Children from ethnic minorities adopted by white parents are deeply affected by cultural and racial differences, a study has found. The research challenges the government’s proposed adoption policy reforms which aim to make it easier for prospective parents to adopt.
The study into the long-term impact of interracial adoption in the UK found that the orphans had all experienced some form of racism or prejudice in both child and adulthood ranging from playground name-calling as a child to serious racist attacks. The government is currently trying to make the adoption process swifter and place more children with loving families after it was revealed that children seeking adoption languish in care for up to three years in some local authorities.
The research done by the British Association for Adoption and Fostering (BAAF) investigated how 72 orphaned women abandoned as infants in Hong Kong fared in life over 50 years. The study found that some of the women found it difficult to come to terms with their separation from their birth family and being Chinese in the UK. Some ‘felt alienated, struggled with conflicts of dual/multiple identities and had experienced race-based mistreatment’.
When asked how they usually described their ethnicity, half identified themselves as Chinese, 19 per cent as British and 15 per cent as British-Chinese while the remainder used personal definitions.
Julia Feast, co-author of the project, said of the study: ‘It attests to the importance of family life in providing nurture, care, stimulation and opportunity even when children have had a poor start in life. Whilst the findings are in the main very positive, the challenges and complexities of inter-country adoption should not be underestimated.’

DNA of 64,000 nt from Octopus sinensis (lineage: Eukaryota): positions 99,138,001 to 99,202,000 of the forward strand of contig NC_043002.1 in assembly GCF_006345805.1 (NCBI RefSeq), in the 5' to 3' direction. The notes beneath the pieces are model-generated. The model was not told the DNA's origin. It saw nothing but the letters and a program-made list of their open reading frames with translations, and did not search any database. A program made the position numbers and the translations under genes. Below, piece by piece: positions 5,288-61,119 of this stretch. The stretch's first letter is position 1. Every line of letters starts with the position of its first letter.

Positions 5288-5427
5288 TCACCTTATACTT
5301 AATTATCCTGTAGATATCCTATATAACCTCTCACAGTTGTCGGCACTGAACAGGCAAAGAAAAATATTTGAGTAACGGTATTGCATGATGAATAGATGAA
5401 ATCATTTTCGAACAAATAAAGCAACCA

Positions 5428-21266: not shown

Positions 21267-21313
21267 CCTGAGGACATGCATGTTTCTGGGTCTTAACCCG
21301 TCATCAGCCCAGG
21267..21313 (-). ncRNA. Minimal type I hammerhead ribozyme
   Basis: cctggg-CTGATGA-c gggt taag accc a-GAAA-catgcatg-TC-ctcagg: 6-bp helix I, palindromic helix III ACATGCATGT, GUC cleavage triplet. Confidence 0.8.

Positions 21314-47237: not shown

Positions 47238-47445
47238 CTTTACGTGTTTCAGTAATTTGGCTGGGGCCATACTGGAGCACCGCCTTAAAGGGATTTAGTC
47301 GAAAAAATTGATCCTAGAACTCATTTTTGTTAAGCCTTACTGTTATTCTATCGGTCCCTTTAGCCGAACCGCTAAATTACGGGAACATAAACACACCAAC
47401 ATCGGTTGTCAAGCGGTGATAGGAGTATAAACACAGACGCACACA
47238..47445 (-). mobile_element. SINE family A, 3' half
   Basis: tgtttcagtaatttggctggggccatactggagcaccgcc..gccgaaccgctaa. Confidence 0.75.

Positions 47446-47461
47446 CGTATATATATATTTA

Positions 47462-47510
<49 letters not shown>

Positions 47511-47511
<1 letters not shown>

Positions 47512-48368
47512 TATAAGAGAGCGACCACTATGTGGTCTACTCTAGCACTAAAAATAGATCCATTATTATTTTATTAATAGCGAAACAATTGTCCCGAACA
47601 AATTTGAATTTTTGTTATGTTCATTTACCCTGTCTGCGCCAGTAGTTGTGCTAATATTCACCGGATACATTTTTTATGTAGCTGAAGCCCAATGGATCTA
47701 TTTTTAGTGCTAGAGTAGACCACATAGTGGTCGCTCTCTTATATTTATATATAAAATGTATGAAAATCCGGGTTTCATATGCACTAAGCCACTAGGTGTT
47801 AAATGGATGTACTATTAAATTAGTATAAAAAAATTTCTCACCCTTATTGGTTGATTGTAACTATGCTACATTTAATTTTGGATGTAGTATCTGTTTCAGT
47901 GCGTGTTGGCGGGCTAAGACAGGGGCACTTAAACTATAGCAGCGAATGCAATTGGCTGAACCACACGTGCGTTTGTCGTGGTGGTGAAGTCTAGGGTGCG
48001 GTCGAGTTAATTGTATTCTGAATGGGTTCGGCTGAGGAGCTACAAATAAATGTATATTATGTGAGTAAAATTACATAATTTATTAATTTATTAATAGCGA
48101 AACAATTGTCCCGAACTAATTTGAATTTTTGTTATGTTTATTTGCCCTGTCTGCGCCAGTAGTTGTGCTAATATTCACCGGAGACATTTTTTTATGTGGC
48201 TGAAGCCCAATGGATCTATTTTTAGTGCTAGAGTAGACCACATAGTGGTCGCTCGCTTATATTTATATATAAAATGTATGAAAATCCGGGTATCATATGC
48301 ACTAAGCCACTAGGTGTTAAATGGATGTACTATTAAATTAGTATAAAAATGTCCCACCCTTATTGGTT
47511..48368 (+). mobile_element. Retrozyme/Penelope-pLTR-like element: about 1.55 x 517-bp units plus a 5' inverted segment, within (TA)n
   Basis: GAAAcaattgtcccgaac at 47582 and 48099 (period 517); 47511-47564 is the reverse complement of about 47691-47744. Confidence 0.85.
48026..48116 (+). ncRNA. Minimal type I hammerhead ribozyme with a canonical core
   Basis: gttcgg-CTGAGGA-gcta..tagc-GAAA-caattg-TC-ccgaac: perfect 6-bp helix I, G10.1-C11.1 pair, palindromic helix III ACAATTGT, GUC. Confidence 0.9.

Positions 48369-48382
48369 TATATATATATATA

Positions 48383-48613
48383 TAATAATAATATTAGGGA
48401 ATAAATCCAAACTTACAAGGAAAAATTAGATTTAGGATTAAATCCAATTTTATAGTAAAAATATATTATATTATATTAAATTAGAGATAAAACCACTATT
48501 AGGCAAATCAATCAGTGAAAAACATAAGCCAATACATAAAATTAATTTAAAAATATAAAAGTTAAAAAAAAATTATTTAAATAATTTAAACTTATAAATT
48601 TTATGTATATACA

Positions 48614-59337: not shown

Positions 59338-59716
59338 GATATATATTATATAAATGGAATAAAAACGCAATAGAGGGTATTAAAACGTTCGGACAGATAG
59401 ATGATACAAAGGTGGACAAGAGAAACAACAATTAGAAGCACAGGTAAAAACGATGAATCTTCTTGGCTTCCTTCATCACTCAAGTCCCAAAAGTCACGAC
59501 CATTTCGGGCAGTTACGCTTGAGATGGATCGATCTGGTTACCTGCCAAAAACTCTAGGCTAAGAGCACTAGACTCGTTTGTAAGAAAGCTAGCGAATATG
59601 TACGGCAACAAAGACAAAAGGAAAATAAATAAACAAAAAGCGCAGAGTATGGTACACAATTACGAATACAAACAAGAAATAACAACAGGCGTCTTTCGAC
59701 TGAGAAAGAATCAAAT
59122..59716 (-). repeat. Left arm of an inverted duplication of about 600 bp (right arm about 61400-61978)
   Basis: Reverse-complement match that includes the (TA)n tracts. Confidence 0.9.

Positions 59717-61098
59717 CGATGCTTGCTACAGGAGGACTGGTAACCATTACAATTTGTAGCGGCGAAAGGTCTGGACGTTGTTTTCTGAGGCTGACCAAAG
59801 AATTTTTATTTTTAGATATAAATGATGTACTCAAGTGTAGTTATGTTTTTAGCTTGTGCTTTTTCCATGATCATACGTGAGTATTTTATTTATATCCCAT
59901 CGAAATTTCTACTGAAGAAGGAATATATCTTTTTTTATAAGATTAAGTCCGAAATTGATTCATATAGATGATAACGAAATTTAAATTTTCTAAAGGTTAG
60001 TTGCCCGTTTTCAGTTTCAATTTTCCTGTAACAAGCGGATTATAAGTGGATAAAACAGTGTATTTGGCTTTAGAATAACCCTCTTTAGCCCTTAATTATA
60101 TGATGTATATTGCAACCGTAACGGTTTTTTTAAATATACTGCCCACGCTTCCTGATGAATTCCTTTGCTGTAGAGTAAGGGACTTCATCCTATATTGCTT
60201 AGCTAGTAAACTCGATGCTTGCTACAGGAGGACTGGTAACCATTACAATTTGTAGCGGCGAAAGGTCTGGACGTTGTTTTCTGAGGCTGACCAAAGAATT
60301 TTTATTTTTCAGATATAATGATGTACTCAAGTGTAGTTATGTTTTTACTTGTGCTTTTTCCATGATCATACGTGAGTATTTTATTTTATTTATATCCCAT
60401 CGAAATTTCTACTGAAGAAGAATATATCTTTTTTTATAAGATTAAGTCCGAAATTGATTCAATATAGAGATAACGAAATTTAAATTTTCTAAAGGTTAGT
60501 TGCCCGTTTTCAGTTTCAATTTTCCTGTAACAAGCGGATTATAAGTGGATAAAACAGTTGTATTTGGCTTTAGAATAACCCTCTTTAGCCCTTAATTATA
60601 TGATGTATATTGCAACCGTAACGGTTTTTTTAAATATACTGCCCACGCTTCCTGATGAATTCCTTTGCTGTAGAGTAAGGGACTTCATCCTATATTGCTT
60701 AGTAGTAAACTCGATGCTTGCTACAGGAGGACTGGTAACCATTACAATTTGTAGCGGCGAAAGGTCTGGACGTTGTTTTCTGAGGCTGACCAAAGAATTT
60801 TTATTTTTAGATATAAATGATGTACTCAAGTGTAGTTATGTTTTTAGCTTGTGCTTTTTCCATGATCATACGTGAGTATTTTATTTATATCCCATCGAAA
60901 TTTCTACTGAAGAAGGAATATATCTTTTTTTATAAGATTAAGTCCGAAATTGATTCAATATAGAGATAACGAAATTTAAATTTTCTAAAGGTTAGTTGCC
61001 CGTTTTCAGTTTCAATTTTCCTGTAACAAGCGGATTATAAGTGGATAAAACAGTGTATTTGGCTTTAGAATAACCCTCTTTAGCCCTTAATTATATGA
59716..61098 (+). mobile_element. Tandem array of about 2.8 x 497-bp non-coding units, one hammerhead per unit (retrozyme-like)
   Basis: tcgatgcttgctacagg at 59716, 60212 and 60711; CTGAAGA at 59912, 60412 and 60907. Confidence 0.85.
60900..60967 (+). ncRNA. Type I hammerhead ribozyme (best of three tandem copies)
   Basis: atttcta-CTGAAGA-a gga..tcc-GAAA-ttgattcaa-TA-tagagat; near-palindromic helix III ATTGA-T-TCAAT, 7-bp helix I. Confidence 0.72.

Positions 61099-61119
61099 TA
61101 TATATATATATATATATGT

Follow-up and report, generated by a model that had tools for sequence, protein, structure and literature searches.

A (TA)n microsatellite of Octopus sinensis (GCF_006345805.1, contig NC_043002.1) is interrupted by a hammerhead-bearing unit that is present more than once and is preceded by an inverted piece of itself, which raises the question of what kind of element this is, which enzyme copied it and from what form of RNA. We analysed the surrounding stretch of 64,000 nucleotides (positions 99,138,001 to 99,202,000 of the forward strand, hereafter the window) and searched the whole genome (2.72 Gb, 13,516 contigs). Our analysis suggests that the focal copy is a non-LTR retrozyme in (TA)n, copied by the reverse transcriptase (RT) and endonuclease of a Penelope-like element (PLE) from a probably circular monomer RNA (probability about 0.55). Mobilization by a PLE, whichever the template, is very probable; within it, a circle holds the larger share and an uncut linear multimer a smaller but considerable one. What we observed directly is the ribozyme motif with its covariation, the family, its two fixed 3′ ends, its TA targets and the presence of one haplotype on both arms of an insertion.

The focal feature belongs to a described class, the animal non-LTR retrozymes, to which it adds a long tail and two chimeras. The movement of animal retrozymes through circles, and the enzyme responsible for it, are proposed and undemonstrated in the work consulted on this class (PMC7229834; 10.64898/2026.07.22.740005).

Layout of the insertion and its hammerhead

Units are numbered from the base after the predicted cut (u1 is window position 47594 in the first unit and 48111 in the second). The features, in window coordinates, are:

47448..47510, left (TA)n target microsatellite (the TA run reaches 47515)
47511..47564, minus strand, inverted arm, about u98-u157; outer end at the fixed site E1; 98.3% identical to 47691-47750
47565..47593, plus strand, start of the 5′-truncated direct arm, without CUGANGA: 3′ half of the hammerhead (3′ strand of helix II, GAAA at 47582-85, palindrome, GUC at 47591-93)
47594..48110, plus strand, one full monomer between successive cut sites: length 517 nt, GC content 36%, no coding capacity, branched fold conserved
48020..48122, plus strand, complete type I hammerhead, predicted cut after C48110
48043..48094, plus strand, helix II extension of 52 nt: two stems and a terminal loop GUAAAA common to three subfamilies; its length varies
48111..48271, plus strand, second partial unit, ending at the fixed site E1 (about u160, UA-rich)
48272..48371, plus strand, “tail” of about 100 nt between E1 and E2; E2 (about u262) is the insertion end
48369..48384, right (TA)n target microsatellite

Some participants found childhood and adolescence exceptionally traumatic, with 54 per cent feeling uncomfortable after comments made by their adoptive family about their appearance and 75 per cent said they wished they looked less Chinese. John Simmonds , director of policy, research and development at the BAAF, recommended the government spend more time considering legislation.
He told The Observer: ‘If the government has the view that a child being adopted from a different country, religion, culture, language, is a marginal issue that becomes an irrelevance over the course of time given the benefits of adoption, then that is not what this study has said.’
Education Secretary Michael Gove, who was adopted at four months, hopes to stop councils blocking mixed-race adoptions as part of radical reforms to ensure children are removed from unfit parents more quickly. Mr Gove has said there was ‘horrifying’ evidence that children were being left in dangerous homes for too long.He said local councils were blocking potential adoptions purely because would-be parents were not the same race as the child.
‘The challenges and complexities of inter-country adoption should not be underestimated’
Of 3,600 children in care under the age of one, only 60 were adopted last year. Black children were three times less likely to find new parents than white ones. Mr Gove said he was deeply angered that falling numbers of adoptions – a 17 per cent decline in the last decade – meant a ‘cruel rationing of human love for those most in need’.
The Education Secretary said couples were being turned down for trivial reasons, including one case in which a couple who had already adopted five children successfully could not take on another until they bought an electric kettle with a shorter lead.
Other couples are being asked questions such as whether they have non-slip mats in the shower, and asked to fill out nine pages of forms about the potential risks posed by their pets.
The Department for Education said: ‘We are changing the law to ensure black and minority ethnic children – who take on average a year longer to be adopted than white children – are not left waiting in care any longer than necessary.’
The women in the study were mostly abandoned as infants (and left to be found) and spent between eight and 72 months in one of four orphanages in Hong Kong. Whilst they appeared to have experienced a reasonable quality of physical and medical care and nutrition in comparison to the globally depriving environments reported in other adoption studies, they lacked the consistent one-to-one care and stimulation that infants typically need for their proper development.
Credit: Alex Ward
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